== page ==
In a recent press release, Robert J. Scott of Scott & Scott, LLP highlighted what his organization feels to be some common mistakes that companies make when presented with an audit request from BSA, SIIA or a software vendor. He lists –
- Failure to compile and produce accurate installation information.
- Relying on internal IT staff to respond to a software audit request.
- Submitting improper documentation in an attempt to demonstrate proof of ownership.
- Failure to involve experienced counsel to interpret copyright laws and software licenses.
I concur absolutely with the first point, which would be dealt with quite simply (if anything in IT is simple) by having implemented a continous activity of software asset optimization founded on rich and accurate inventory and usage information. As Robert says “Businesses that are most prepared will have the greatest success in defending the inevitable software license audit and save money”.
But the other points raise some questions. To ask counsel to make the first response to the would-be auditing agency would seem attractive, as a way of indicating that we do not expect to get walked all over in the process, but could seem to indicate concern over having something to hide. As Robert observes, the audit is probably inevitable, so if we have a software asset optimization strategy in place, with continous monitoring of the alignment of software licenses with installed inventory and its day-to-day use, then who better than someone who knows this data intimately to quickly form a working relationship with the auditing organization. For example, to exploit drill-down reporting to demonstrate that the company knows exactly where its software is installed.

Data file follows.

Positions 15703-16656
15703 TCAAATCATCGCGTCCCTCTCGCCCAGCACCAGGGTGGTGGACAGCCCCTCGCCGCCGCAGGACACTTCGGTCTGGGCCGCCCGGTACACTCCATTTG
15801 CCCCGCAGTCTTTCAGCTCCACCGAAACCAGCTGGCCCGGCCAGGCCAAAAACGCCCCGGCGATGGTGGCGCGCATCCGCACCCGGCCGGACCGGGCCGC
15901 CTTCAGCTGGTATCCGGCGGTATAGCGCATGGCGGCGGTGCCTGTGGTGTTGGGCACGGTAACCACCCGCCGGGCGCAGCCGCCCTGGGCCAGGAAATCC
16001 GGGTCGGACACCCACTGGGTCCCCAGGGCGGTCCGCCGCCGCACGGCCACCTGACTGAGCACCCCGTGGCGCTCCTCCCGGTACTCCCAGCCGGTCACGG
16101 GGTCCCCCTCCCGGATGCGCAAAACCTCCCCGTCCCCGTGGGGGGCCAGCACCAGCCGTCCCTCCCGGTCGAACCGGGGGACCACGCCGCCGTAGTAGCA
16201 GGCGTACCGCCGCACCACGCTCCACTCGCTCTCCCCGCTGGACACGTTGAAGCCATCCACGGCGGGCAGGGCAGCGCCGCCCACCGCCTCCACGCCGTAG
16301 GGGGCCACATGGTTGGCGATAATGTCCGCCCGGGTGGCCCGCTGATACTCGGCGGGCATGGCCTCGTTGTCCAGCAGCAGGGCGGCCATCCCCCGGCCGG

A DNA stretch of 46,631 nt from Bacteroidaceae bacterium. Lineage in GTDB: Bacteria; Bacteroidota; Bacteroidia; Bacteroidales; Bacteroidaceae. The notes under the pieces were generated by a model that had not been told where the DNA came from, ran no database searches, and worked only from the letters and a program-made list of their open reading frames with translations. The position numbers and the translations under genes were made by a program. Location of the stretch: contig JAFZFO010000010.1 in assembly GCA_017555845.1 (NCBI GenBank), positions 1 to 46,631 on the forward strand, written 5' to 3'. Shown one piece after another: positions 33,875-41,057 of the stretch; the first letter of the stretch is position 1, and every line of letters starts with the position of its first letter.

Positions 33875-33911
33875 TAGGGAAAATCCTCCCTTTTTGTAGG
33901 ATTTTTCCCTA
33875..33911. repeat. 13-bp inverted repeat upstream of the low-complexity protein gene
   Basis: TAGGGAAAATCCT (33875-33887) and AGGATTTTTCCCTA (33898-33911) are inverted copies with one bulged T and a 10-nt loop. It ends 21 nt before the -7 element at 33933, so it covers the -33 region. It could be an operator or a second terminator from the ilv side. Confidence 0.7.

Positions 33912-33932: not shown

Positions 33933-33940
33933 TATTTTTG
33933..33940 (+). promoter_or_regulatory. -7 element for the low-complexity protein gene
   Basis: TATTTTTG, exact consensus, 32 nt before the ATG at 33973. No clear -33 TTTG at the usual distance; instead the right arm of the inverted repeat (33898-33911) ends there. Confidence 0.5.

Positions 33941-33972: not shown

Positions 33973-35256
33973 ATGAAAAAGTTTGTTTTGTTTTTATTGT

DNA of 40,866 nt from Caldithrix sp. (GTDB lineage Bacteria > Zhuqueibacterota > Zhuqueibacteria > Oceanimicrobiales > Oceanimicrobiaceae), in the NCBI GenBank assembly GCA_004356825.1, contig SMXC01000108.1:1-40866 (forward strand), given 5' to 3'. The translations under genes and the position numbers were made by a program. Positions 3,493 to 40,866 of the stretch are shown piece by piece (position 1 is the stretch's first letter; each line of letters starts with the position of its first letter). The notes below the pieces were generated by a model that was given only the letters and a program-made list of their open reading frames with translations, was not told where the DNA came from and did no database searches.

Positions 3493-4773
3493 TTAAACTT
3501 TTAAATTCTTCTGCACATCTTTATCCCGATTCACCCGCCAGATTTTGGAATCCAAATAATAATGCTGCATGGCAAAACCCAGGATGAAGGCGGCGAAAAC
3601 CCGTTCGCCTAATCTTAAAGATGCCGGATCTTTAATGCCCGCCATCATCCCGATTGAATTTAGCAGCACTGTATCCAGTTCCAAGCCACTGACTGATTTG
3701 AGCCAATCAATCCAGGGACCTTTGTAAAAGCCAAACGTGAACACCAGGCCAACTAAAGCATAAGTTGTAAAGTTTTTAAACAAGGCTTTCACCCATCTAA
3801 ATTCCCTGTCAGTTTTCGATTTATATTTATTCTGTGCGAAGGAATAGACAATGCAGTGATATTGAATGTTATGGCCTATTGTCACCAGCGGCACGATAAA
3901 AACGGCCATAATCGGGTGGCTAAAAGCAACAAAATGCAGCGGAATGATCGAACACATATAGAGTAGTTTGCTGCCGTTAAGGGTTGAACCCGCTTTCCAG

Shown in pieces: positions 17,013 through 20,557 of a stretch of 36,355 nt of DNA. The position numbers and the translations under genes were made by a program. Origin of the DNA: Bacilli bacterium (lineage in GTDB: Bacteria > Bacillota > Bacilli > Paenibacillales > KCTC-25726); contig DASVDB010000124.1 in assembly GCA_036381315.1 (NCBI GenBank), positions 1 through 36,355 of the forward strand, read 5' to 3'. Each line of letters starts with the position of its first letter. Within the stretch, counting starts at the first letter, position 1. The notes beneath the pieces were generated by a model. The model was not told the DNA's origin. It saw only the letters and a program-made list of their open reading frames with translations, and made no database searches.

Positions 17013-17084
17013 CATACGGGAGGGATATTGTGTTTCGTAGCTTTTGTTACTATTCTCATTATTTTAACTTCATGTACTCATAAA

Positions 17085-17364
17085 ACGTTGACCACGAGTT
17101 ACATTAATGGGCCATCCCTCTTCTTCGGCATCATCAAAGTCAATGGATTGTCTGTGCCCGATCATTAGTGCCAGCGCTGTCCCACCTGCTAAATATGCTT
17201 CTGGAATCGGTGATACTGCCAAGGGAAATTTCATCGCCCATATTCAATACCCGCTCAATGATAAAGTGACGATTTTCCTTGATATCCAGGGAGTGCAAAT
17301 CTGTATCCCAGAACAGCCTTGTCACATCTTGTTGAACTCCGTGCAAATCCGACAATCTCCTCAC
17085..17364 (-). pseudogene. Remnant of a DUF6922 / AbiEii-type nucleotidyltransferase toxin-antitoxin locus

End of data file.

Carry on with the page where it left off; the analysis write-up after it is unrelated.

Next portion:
With regard to the fourth point, if software license agreements have become so complex and difficult to understand that it needs counsel to advise, then it’s a condemnation of the software industry for making life so difficult for its customers. Or at least condemnation for some vendors in particular!
Where I do believe in the role of an outside organization is in helping establish an adequate regime of license and deployment management in the first place. There are specialists to be found for that, whose services will actually help you build your self-sufficiency in the management of your software assets.
With that in place, you can look forward to any visit from the BSA (or SIAA or whoever) ending in the BSA buying the drinks in celebration of your exemplary management of your software assets.